The previous section explains that the basis of an FMS attack is an enemy trying to guess the key based on observing the first few bytes of the encrypted data. The attacker needs to analyze quite a few frames to make a reasonable guess. To defeat this attack (in its current known form), the encryption key is changed for every packet sent. After all, an enemy can't attack the key if it keeps changing.
This issue of "keys" is a little confusing. In the WEP scenario, it was simple. There was a WEP key and it was used for everything. If it was compromised, then all was lost. Such a simple approach is not good enough for TKIP, so there are multiple levels of keys derived from a single master key. Session keys are derived from the master key. These keys are then split into pieces for various uses, one of which is encryption (for more detail, see Chapter 10). What per-packet key mixing does is to further derive a key specifically for each and every packet sent. In other words, at the level of RC4, every packet uses a different, and apparently unrelated, key. The session keys and master key do not, of course, change every packet! In addition to making it harder to mount attacks, the generation of a key per packet allows the extended-length IV value to be incorporated.
The process of key derivation involves mixing together various bits of information in a hash function. The result produced bears no obvious relationship to the values you start with; however, if both ends of a link start off with the same information and use the same hash method, they will produce the same result in other words, matching keys.
The problem is that the computation to derive the key can be processing intensive. There is not a lot of computing power in the MAC chip of most WEP-based Wi-Fi cards. So, on the face of it, deriving a new key for every packet might seem infeasible. But there was another trick up the sleeve of Doug Whiting and Russ Housley, the inventors of the key-mixing scheme. The calculation was divided into two phases. Phase 1 involves all the data that is relatively static, such as the secret session key, the high order 32 bits of the IV, and the MAC address. Phase 2 is a quicker computation and includes the only item that changes every packet the low order 16 bits of the IV. Even in this case, the next IV value is known so the processor can go off and compute one or more mixed keys in advance, anticipating that a frame will arrive shortly and need decrypting.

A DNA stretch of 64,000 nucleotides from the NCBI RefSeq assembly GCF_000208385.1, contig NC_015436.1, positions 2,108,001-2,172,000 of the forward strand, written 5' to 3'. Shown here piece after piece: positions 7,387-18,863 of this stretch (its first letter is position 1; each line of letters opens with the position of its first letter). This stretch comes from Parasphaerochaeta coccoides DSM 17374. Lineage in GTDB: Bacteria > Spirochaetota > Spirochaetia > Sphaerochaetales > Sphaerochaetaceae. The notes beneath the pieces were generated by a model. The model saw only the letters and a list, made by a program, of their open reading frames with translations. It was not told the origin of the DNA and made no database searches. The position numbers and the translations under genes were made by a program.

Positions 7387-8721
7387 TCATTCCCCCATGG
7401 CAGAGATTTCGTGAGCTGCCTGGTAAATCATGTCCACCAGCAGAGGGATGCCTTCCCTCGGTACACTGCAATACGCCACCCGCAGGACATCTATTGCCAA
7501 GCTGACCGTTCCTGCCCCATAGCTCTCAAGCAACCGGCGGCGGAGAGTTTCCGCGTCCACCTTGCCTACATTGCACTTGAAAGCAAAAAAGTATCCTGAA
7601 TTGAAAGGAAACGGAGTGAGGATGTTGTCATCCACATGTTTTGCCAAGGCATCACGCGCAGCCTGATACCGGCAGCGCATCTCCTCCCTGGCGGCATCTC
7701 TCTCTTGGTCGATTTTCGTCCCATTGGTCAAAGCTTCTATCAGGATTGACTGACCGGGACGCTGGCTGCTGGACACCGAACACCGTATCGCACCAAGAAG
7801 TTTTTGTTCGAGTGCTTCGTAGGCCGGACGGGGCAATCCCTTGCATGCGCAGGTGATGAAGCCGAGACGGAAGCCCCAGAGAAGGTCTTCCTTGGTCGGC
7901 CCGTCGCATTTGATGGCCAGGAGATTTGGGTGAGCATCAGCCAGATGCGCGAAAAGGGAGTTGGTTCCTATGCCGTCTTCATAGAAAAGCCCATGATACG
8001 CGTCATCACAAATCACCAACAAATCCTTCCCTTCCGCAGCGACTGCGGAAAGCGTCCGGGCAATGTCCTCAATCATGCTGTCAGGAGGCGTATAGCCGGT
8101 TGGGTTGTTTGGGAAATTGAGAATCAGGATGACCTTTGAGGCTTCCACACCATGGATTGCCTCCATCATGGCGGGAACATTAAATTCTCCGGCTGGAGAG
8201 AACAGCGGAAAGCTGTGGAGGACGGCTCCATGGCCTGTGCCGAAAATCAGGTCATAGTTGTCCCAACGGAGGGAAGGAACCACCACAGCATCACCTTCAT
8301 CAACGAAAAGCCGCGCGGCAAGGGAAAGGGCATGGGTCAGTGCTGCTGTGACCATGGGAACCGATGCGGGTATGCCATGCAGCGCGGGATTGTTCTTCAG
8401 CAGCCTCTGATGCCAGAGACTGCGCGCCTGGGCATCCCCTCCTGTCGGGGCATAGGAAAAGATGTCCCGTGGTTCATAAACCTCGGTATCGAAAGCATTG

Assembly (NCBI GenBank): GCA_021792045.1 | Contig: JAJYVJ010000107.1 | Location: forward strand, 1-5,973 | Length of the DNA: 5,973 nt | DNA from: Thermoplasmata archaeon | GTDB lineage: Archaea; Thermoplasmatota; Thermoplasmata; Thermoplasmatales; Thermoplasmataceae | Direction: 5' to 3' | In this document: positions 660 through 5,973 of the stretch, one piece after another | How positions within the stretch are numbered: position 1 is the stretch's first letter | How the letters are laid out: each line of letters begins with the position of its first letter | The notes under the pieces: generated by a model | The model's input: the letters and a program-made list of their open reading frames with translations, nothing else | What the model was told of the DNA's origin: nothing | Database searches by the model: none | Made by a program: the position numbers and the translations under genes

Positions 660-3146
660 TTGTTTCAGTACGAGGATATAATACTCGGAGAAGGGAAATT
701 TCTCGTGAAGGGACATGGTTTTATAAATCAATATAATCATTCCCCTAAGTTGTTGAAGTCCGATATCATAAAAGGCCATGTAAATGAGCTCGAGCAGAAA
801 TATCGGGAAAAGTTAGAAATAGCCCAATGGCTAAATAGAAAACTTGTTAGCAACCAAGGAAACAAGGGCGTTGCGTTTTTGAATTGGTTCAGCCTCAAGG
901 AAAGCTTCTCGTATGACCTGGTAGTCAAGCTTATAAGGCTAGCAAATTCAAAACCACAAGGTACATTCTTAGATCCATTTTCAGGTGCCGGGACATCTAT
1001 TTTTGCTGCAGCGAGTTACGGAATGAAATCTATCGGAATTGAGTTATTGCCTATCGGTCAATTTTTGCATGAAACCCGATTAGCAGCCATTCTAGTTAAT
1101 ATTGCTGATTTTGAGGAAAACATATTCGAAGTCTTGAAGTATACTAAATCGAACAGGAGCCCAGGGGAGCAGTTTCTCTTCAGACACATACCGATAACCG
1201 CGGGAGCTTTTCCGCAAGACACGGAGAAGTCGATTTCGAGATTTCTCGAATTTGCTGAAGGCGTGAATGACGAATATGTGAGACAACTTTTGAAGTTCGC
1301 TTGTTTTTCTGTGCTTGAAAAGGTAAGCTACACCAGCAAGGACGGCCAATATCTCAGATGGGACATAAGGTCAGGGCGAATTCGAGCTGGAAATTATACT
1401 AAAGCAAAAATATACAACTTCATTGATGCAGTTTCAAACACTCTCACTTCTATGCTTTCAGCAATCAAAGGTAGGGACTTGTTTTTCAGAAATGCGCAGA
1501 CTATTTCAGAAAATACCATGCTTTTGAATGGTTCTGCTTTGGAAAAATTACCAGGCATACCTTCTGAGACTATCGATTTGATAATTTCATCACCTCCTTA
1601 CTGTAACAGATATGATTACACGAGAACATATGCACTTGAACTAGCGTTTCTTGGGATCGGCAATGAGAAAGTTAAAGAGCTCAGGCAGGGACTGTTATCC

We briefly mentioned that the MAC address is included in the computation of the mixed key. There is an excellent reason for this inclusion. Two devices are communicating using a shared session key, which means that the same session is used for messages in both directions. A uses the same session key to send messages to B as B does when sending to A. But if both A and B start with an IV of 0 and then increment the IV by 1 for each packet sent, you immediately get IV collisions. They both are using the same IV value with the same key. One way to avoid this problem is for A to use only even IV values and B to use only odd values, for example. However, this further reduces our IV number space and doesn't help for broadcasts and multicasts.
We do know that for A and B to work in the LAN, they must have different MAC addresses. So by mixing the MAC address into the per-packet key, we guarantee that even if both devices use the same IV and the same session key, the mixed key used by A in encrypting the packet will be different from that used by B. Problem solved.
The process of combining the MAC address session key and IV is shown in Figure 11.3. Notice how the lower bits of the IV are only incorporated into the phase 2 computation so the phase 1 computation only needs to be redone every 216 (that is, 65,536) packets. Only 16 bits of the new, long IV go into the old WEP IV position. The middle byte of the old IV d is computed by copying the first byte and setting certain bits to fixed values to avoid creating a class of weak keys.
Details of the mixing algorithm for the two phases of the key mixing are given later. However, at this point we have seen the essentials of all the mechanisms that have been added to TKIP to make it both secure and compatible with old WEP systems.
All the problems with WEP have been solved in TKIP. The list of weaknesses is completely covered. The solutions used allow backwards implementation on WEP hardware an example of excellent engineering: not just finding a good solution, but finding one within severe and sometimes perverse constraints. The following section revisits the concepts described so far in this chapter and looks at the details at implementation issues.